A few weeks ago I put up what was intended to be a throw-away tweet.
Going over my talk submissions for 2019. This is my hit-rate from just one submission tool.— Aaron Powell (@slace) November 29, 2019
Remember folks, you'll be rejected from a lot more talks than you are accepted! pic.twitter.com/4sbcn1QhrS
This tweet shows the success, or lack-there-of when it came to submitting to conferences this year, and this is only a snapshot of one platform, Sessionize, that I’ve submitted via. I also have rejections in Papercall.io and countless Google Form’s. So from 4 talks across 7 events (total of 8 submissions) I only had 1 talk accepted. That’s not 100% accurate from Sessionize, I actually submitted 16 sessions across 7 different talks to 7 events, of which 1 was selected. Wait, that doesn’t sound any better! 😕
Taking all other systems into account I presented 6 talks at 6 events (and attended a few others) and was rejected from at least that many events on top of what you see in the screenshots above.
The tweet I put up sparked some good discussions with people about getting into speaking at events so I thought I’d take some time to share a bit of my experience.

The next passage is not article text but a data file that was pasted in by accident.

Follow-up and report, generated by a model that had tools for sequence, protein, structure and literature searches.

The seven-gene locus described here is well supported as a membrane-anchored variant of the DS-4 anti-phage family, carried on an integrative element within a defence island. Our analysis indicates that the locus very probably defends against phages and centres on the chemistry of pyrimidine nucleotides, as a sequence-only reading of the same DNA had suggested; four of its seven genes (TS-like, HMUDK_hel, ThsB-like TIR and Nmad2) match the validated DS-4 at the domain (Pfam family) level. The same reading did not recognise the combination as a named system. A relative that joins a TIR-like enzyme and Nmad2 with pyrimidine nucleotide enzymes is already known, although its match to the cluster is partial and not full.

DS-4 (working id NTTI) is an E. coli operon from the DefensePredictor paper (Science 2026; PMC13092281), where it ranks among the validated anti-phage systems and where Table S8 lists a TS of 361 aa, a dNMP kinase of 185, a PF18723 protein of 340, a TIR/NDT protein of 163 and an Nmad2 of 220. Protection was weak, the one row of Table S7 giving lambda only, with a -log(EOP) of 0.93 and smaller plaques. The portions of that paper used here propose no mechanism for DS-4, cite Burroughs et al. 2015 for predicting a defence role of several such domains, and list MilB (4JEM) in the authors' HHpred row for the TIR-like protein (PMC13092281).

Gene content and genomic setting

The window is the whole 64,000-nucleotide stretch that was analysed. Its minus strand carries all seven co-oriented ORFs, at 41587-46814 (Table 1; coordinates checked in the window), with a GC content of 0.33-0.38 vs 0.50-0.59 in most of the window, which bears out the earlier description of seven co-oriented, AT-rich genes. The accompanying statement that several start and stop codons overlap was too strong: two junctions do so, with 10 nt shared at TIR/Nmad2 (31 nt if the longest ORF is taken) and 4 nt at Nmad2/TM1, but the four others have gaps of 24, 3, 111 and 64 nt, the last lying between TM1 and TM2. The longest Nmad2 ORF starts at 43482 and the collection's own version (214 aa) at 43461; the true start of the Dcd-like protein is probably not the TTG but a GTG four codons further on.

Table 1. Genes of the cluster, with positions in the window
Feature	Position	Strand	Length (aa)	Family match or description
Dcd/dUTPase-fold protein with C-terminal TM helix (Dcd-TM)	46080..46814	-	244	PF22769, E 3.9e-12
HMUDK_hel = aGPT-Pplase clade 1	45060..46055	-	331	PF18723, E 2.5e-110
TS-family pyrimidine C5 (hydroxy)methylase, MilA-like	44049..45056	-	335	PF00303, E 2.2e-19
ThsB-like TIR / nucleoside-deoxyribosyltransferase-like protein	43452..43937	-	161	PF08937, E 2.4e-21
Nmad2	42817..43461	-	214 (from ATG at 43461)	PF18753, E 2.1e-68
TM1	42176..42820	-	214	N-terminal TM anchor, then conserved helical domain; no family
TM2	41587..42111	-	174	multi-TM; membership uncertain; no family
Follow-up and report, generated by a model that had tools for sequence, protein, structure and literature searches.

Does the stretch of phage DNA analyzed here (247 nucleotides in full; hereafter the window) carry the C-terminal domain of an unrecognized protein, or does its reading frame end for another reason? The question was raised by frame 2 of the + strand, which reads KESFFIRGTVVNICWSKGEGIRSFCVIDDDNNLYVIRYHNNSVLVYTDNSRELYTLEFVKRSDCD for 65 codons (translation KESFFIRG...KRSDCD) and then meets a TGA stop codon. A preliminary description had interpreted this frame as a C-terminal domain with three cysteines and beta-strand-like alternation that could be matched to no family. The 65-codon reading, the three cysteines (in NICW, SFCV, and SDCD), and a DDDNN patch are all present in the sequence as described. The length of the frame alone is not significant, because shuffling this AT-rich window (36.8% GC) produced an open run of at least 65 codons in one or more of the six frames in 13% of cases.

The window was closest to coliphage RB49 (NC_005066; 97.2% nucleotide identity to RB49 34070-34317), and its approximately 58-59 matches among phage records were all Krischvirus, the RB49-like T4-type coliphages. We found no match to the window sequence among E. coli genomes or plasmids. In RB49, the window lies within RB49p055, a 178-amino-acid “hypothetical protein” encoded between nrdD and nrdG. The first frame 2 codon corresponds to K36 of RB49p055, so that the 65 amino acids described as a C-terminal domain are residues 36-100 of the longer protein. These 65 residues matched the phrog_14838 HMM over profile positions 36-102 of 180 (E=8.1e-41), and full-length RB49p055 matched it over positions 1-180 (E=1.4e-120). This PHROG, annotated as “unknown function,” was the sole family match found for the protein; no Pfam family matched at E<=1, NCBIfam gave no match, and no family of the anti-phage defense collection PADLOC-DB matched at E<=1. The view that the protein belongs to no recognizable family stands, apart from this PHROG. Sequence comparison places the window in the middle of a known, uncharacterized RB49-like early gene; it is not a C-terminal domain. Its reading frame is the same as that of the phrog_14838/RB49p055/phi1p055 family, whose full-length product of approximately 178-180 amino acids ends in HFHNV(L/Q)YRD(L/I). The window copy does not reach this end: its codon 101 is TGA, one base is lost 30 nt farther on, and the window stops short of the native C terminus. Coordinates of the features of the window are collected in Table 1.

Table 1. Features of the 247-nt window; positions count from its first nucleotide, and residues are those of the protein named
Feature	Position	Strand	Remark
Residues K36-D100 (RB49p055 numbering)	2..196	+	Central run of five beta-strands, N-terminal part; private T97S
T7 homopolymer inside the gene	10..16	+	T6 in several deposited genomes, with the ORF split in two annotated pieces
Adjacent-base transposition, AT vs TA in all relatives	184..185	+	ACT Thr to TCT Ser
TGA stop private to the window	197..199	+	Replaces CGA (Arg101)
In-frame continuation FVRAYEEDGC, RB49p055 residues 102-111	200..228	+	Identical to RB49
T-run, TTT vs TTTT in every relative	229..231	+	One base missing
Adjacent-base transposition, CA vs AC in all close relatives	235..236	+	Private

I gave my first conference a decade ago at the very first DDD Melbourne. When I gave that talk I’d only attended a single conference, that was the Umbraco conference in Copenhagen, but I hadn’t been there to speak, just attend as a contributor to the project. Back in 2010 the conference scene was very different to what it is now, there wasn’t that many events and the events that existed tended to be vendor-centric events, like Microsoft TechEd, with thousands of attendees and a price-point to match. So when I saw people talking about DDD Melbourne I was interested in the idea of a conference that I could attend without needing to raise a lot of money for and that I, as a nobody in the tech community, could submit a talk to with the hope of presenting.